Review of Braving the Wilderness

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Rating

8

Qualities

  • Inspiring
  • Concrete Examples
  • Applicable

Review

Qualitative researcher, motivational speaker and best-selling author Brené Brown understands that most people go to great lengths to avoid feeling like an outcast. Today, she writes, maintaining your place in your community often means hunkering down in an “ideological bunker” and pointing fingers at a common enemy. Brown urges you to enter a metaphorical wilderness, find the courage to stand up for what’s right and emerge with renewed faith in the links among all people. Brown’s trademark mix of compassion and tough love fuel a guidebook for people seeking to belong to themselves while connecting with others.

About the Author

Brené Brown is a New York Times best-selling author and University of Houston professor and researcher who studies courage, shame, vulnerability and empathy. One of her TED Talks, The Power of Vulnerability, has more than 30 million views.

 

The feeling of not belonging is one of the most painful human experiences.

Brown understands that not belonging is painful, particularly when people feel that they don’t belong to their own families, “the most primal and important of all of our social groups.” Children who sense they don’t belong create lonely internal narratives in which they are unworthy of love and inclusion. Seemingly small events take on massive importance in a person’s life. Trivializing your own pain by dismissing such injuries makes you less capable of empathizing with other people.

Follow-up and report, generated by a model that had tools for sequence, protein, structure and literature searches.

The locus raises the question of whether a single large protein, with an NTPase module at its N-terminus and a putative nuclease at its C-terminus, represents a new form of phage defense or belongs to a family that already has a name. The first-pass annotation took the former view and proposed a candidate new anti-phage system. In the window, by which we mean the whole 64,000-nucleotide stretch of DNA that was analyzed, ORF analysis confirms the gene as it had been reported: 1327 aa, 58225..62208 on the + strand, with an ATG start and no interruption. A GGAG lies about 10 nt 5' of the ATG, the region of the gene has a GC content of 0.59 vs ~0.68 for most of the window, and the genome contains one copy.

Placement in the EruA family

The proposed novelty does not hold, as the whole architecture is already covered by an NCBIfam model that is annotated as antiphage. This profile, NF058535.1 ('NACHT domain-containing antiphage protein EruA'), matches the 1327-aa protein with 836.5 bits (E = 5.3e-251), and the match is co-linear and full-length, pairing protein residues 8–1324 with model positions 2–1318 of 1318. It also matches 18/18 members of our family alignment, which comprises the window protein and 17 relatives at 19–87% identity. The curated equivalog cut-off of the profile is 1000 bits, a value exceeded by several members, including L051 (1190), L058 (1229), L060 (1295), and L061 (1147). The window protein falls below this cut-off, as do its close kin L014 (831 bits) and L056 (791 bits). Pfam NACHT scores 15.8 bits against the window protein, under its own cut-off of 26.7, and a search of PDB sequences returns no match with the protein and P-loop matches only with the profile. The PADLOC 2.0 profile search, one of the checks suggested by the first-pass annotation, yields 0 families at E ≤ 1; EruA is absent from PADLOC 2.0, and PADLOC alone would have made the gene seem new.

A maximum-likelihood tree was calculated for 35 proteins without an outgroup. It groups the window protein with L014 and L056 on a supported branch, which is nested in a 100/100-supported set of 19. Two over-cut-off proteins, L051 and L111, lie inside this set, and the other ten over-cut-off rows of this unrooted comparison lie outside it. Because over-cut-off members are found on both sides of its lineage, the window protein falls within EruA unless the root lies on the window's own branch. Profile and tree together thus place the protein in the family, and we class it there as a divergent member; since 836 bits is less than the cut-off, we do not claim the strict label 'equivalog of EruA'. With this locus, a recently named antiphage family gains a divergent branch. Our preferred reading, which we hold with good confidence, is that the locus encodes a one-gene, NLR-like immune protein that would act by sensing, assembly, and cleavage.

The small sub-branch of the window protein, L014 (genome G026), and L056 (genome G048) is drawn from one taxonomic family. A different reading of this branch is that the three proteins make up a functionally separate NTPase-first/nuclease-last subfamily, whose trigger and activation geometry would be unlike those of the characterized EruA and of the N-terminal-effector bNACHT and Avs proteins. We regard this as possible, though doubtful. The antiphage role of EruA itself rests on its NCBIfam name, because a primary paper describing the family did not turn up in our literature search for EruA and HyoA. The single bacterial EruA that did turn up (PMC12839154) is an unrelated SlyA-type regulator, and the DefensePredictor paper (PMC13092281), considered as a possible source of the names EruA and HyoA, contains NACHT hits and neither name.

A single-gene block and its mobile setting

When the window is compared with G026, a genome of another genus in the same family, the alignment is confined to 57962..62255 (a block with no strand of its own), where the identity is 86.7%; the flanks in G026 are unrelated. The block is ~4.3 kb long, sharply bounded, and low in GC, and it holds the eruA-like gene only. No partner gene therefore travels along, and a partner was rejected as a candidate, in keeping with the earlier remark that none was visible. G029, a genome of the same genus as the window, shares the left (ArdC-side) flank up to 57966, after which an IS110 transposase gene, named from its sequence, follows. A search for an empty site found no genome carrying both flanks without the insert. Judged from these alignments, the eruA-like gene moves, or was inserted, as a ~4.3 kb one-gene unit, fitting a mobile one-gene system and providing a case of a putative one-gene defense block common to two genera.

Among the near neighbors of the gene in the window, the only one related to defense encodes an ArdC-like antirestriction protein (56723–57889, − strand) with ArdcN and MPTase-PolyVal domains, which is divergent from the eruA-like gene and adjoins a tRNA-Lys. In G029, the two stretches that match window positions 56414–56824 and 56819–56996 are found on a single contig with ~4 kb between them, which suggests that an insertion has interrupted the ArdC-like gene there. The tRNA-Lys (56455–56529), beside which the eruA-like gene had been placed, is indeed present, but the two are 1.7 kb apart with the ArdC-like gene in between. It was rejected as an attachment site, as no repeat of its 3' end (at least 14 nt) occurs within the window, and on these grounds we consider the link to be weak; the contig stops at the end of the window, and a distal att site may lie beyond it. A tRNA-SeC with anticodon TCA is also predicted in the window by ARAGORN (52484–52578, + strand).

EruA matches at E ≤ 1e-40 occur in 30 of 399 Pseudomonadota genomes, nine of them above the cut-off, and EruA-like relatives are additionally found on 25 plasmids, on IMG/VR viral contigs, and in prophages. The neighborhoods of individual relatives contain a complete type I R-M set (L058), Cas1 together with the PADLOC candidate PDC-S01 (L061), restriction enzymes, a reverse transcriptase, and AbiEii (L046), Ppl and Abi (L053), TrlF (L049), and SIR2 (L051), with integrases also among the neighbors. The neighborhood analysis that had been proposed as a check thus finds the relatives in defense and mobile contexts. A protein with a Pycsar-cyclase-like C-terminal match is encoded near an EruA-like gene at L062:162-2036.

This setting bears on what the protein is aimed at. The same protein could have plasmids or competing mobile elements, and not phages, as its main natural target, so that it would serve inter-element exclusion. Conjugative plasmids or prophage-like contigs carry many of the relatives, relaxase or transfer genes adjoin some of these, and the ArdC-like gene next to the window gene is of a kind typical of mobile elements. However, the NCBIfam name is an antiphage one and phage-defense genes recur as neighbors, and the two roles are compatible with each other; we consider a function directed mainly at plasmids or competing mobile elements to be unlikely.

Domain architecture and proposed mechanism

"True belonging" is the sense of being a part of something and of connecting with others, while maintaining your authenticity, freedom and power.

True belonging, Brown writes, “doesn’t require you to change who you are; it requires you to be who you are.” Experiencing true belonging means sharing your authentic self and trusting that you are part of something even in the face of criticism. That may sound paradoxical, but Brown insists the voyage to true belonging requires confronting and accepting several paradoxes. Swiss psychologist Carl Jung suggested that a paradox is “a great witness to the truth.” In Latin, paradoxum means “seemingly absurd but really true.” Belonging both everywhere and nowhere may sound nonsensical, but it is the secret Brown offers to unlock. 


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